Article 50 was designed never to be used. Now we're heading into dangerous and unknown territory

Gina Miller
Gina Miller challenged the Government over Article 50 in a high-profile court case. She argues that the formal process for withdrawing from the EU was never designed to be used: Getty Images

Brexit is the most important political event for the UK since the Second World War, and will shape the UK economy for generations. But this is completely unknown territory for all parties concerned.

But though triggering Article 50 takes us into a landscape with so many unknown unknowns, the one thing many commentators agree on is that the current timeframe to conclude negotiations is unrealistic – particularly if a “mixed agreement” is the result, as it would require ratification by all 27 national parliaments within the European Union.

On the EU side, the political landscape of raising populism will be problematic. They will be mindful that a successful Brexit would present a threat to the European project. They also know that hard-headed negotiations may not begin until after the French elections in June, and further important discussions deferred until after the next German government is formed in late autumn. That would leave the UK with a negotiation period of approximately 10 months.

The best-case scenario appears to be one in which the UK and EU 27 find a way to conclude a transitional deal without a lengthy sign-off process: tricky but not impossible. The European Economic Area (EEA) Treaty might provide a template, but it is likely that the UK would have to accept budget contributions, some pooling of sovereignty and a compromise on freedom of movement to achieve it. And even such if transitional provisions are desirable, then how do we get there? It’s not easy. Article 50 contains the basis for a withdrawal agreement, not the full process or any other alternatives. Negotiating a transitional agreement may even require ratification from some small member states such as Wallonia.

The truth is that Article 50 of the Lisbon Treaty was designed specifically so that no member state would contemplate triggering it. And yet that is what we are doing.

It raises far more questions than we have answers available. For example, is it realistic to imagine the EU 27 ever agreeing a wide-reaching new relationship with Britain in an eighth of the time it took to conclude the recent free trade agreement between Canada and the EU? Even if it was, if the Court of Justice of the European Union (CJEU) assess the nature of the various transitional agreements to ensure they are lawfully adopted (as we may expect), how long might that add to the Brexit timetable? And would the CJEU inevitably be the final arbiter of compliance with these agreements? Would the UK ever accept that?

The UK’s ability to conduct third-country free trade agreements – something Theresa May and David Davis have both spoken about with enthusiasm – is a red herring, as the primary focus of Brexit negotiations will be to conclude a trade deal with the EU. Only once this is achieved, only then would the attention of the Government be turned to the rest of the world.

Economically, the UK could risk seeing huge disruption to existing business models if there was to be a sudden exit from the customs union in March 2019. The reality is that business cannot wait for the white smoke of a secret deal to emerge like the election of the Pope.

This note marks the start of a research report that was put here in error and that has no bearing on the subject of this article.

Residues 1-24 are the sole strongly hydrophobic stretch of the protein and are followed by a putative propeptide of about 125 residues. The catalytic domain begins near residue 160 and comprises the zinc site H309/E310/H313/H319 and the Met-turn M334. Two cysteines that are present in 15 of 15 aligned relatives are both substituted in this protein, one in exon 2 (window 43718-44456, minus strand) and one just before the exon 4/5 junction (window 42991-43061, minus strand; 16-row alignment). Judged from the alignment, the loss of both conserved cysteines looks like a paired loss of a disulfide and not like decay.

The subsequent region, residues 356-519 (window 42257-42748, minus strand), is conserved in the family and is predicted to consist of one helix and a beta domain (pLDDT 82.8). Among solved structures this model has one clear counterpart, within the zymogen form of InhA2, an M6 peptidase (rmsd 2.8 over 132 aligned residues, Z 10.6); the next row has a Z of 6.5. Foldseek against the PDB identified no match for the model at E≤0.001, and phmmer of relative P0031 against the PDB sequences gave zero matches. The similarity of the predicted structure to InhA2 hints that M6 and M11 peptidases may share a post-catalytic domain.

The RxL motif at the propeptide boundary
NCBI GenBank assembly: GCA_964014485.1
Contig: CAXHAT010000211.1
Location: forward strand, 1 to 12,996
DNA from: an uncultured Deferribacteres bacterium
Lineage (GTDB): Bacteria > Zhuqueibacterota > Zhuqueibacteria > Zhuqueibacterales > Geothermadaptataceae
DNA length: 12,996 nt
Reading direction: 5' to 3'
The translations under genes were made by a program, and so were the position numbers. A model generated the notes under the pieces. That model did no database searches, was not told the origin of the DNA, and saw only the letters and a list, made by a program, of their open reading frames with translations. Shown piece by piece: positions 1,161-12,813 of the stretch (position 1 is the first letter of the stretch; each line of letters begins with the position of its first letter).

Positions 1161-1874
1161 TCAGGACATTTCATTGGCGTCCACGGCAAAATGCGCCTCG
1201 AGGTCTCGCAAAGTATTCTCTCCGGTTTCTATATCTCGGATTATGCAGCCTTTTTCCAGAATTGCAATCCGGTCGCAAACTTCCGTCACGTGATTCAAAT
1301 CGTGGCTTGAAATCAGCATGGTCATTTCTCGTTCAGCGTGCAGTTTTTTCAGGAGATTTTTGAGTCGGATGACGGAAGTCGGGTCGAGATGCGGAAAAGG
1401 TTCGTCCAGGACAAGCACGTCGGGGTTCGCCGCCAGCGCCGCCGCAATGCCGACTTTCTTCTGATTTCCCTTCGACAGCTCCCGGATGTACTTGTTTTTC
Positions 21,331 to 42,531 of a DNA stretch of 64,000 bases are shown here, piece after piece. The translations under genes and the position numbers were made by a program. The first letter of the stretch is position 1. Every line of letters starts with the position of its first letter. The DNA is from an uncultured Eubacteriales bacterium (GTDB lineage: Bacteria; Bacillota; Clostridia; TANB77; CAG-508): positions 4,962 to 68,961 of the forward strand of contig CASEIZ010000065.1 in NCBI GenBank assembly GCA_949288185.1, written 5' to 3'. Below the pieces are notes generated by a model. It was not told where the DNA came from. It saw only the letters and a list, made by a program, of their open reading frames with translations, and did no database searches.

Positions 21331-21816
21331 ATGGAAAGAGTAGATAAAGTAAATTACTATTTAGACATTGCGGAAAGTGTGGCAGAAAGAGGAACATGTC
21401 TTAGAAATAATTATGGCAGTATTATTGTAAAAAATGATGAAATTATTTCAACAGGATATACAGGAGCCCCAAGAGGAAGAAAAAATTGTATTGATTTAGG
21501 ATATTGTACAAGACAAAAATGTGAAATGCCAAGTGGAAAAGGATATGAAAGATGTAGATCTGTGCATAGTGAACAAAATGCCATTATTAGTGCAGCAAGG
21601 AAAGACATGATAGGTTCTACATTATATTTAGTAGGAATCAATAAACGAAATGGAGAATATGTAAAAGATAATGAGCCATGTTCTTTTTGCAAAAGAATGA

People like myself – calling for a transparent, scrutinised Brexit negotiation process to ensure it is not executed at the cost of Parliamentary sovereignty – are accused of wanting to tie the Prime Minister's hands. But it is the Eurosceptic Conservative MPs and parts of the press that are pushing for a clean break without any safety nets, that are constraining May’s ability to compromise.

The more we understand the process ahead and its timing, the more we can plan. Not knowing, and not expecting to know anything, is likely to result in a default conclusion to plan for the worst case. For example, it is in the UK and EU’s interest to seek short-term regulatory equivalence for financial services, even though it will be unsustainable over the long-term due to regulatory differences and the competitive risks the City would pose for the eurozone.

A hard Brexit is avoidable. A very broad agreement on a new relationship between the UK and EU 27, combined with a transitional deal, is possible before March 2019. It will be an uphill struggle, due to the complexity of negotiations, political risks and most crucially time constraints, but it is possible.

If forging a new relationship proves impossible and the UK leaves with no deal, many of those involved in the negotiations may well feel they are in need of a very well-earned break. But if they fail to get us the agreement we need, they may find that more difficult than they expect. Their flight out of Britain would rely on pilots’ licences, air safety certificates, landing permissions – all reliant on EU regulation and laws, from which would have in effect opted out. All international landing agreements have been brokered by the EU. Each of these would have to be negotiated separately with each country – all of which will want to see either a transitional arrangement, or that we have set up our own safe and reliable regulator in time. That sums up the scale of the problem.

In view of the realities, of the all the unknown unknowns, I sincerely hope all parties in the Brexit negotiations resist the temptation of deliberately creating conflict that will add to the already mammoth task ahead.

Gina Miller is the founder of the True and Fair Foundation and led the legal challenge against the Government over the right of Parliament to issue Article 50

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